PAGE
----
Tahree Carroll, Temple University
Society often speculates on why the progress of males in the black community in America has stagnated in the past few decades; with higher rates of illiteracy, unemployment, homelessness, and incarceration. While institutional factors attribute to these circumstances, it is my firm belief that the lack of fathers in the black household has played a major role in producing this decline.
Black scholars like Iyanla Vanzart believe that sharing our experiences with one another may be the first step to building stronger relationships in the black community. If this is the case, then there’s probably no better place to do this than on sites like True Culture University which were created to help us reconnect and reestablish ourselves as a people.
Growing up in the inner city of Philadelphia can be rough and challenging. The structure of the public school system is inadequate, the resources are few and the poverty is high. Include not having a male figure in your household to the mix and you have catastrophe on your hands.
Reflecting on the past has allowed me to forgive the people who’ve caused me pain- like my father. Below you will find a few reasons in this article to perhaps help those reading to also forgive their fathers and other people who may have hurt them.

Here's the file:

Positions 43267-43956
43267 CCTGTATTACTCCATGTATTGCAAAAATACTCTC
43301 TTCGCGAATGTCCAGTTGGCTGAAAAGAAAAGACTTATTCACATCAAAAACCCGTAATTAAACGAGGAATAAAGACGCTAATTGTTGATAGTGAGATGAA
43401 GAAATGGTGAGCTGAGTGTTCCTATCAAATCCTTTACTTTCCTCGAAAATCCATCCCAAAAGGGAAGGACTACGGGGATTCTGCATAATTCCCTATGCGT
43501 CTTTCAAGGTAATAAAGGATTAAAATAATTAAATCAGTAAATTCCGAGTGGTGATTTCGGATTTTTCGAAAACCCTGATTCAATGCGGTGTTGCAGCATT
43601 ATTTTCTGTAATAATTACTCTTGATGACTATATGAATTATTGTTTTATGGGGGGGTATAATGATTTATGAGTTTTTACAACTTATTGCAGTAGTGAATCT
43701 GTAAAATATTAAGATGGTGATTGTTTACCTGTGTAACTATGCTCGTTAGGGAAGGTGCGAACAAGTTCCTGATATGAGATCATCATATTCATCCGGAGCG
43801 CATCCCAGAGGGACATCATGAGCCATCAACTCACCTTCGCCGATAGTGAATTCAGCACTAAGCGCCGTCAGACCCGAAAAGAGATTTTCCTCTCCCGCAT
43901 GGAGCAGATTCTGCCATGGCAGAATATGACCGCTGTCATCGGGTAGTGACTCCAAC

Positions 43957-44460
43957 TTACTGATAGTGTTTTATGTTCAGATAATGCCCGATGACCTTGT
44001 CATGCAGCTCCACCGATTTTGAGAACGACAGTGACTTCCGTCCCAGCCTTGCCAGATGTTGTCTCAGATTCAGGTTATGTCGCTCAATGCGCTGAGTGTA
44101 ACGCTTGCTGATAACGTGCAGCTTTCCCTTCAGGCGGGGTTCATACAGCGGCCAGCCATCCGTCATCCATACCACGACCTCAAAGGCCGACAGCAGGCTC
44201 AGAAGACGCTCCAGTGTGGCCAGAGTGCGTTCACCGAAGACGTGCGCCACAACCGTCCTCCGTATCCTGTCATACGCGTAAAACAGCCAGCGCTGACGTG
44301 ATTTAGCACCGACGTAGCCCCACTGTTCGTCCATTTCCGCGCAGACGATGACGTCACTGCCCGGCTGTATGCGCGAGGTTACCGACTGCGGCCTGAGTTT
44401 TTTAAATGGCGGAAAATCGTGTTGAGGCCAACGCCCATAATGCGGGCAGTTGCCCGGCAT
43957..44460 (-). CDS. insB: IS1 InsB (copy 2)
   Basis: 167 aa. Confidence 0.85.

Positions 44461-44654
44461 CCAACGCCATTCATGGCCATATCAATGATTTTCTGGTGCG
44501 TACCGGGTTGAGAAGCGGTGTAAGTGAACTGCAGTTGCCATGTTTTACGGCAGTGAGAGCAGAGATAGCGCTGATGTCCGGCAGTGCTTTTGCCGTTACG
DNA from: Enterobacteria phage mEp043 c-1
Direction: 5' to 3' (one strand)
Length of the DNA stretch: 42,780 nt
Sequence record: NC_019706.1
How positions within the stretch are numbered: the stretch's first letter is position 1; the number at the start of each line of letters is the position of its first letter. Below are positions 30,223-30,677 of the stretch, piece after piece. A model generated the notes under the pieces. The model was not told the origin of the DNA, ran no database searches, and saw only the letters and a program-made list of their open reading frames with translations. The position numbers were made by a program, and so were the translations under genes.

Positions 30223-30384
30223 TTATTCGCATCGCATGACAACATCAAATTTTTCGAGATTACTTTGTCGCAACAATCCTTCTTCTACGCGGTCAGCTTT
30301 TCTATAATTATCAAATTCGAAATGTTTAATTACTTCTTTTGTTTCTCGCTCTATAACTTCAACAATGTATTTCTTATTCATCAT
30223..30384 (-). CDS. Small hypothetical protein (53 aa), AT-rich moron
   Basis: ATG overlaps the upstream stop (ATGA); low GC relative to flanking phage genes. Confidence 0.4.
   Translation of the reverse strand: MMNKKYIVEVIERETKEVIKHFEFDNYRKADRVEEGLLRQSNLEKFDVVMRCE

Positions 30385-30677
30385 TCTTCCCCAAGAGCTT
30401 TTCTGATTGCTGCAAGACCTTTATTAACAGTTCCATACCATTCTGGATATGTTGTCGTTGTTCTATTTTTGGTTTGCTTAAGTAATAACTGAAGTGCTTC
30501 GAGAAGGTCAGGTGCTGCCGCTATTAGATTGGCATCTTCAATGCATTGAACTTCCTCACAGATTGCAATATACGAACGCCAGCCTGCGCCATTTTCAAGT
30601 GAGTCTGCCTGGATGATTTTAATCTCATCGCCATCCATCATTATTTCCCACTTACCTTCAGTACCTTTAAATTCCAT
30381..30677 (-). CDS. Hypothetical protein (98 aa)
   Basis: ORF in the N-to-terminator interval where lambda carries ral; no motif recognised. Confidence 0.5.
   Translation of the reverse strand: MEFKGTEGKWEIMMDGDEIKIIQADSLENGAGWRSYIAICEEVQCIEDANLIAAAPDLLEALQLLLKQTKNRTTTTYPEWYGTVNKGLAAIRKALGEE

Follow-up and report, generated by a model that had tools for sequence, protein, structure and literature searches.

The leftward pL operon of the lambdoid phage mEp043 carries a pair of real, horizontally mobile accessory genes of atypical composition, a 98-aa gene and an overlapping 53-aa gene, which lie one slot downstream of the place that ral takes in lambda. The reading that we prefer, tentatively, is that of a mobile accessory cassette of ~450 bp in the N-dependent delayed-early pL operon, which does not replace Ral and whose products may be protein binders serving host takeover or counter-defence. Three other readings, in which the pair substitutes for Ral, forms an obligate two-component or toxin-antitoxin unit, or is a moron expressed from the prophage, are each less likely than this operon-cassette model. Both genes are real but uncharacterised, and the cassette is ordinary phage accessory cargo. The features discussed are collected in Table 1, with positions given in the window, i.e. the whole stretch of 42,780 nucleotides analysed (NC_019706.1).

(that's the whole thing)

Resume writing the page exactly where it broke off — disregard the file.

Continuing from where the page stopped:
Reason 1: He Was Young
My dad was only 17 years old when I was born and when I see how immature and lost most 17 year old males are it makes me understand my father’s mindset during that time in his life. I now see him not being around as less offensive and understand how he was also a child himself.
Reason 2: His Father Did the Same to Him
Looking back on the few times I spent with my father as a child I remember how I only saw my grandfather once, which was unintentional on my father’s behalf. I never heard my father talk about him before or afterwards, to this day I still don’t know my grandfather’s name. Recognizing the poor relationship that my father had with his father makes me appreciate the little bond we had; I mean at least he tried to be better than his father was to him.
Reason 3: He Thought he Was Right
My father grew up in a neighborhood in North Philadelphia where most of the youth spent their time cutting school, drinking forties, and chasing women. Knowing what he was involved in, he might’ve felt it was better for me and my brother to stay with our mother, who by all means was considered a “home body" . My father was young, misguided, and reckless and I’m honestly glad I didn’t get to see that side of him with my own eyes; although I’ve heard stories.
Reason 4: I Became a Father
When I became a father I inevitably began to look at the world through the eyes of one. When the mother of my child and I separated, I began to experience the struggles of co-parenting, which at times can be extremely difficult. I can only imagine what my father, who now has 10 children with various women; was going through during the time of my upbringing.
What I’ve learned from my analysis of my past is that sometimes what our parents give us is all they have to give us at that moment. So we should appreciate them for it and learn from their mistakes.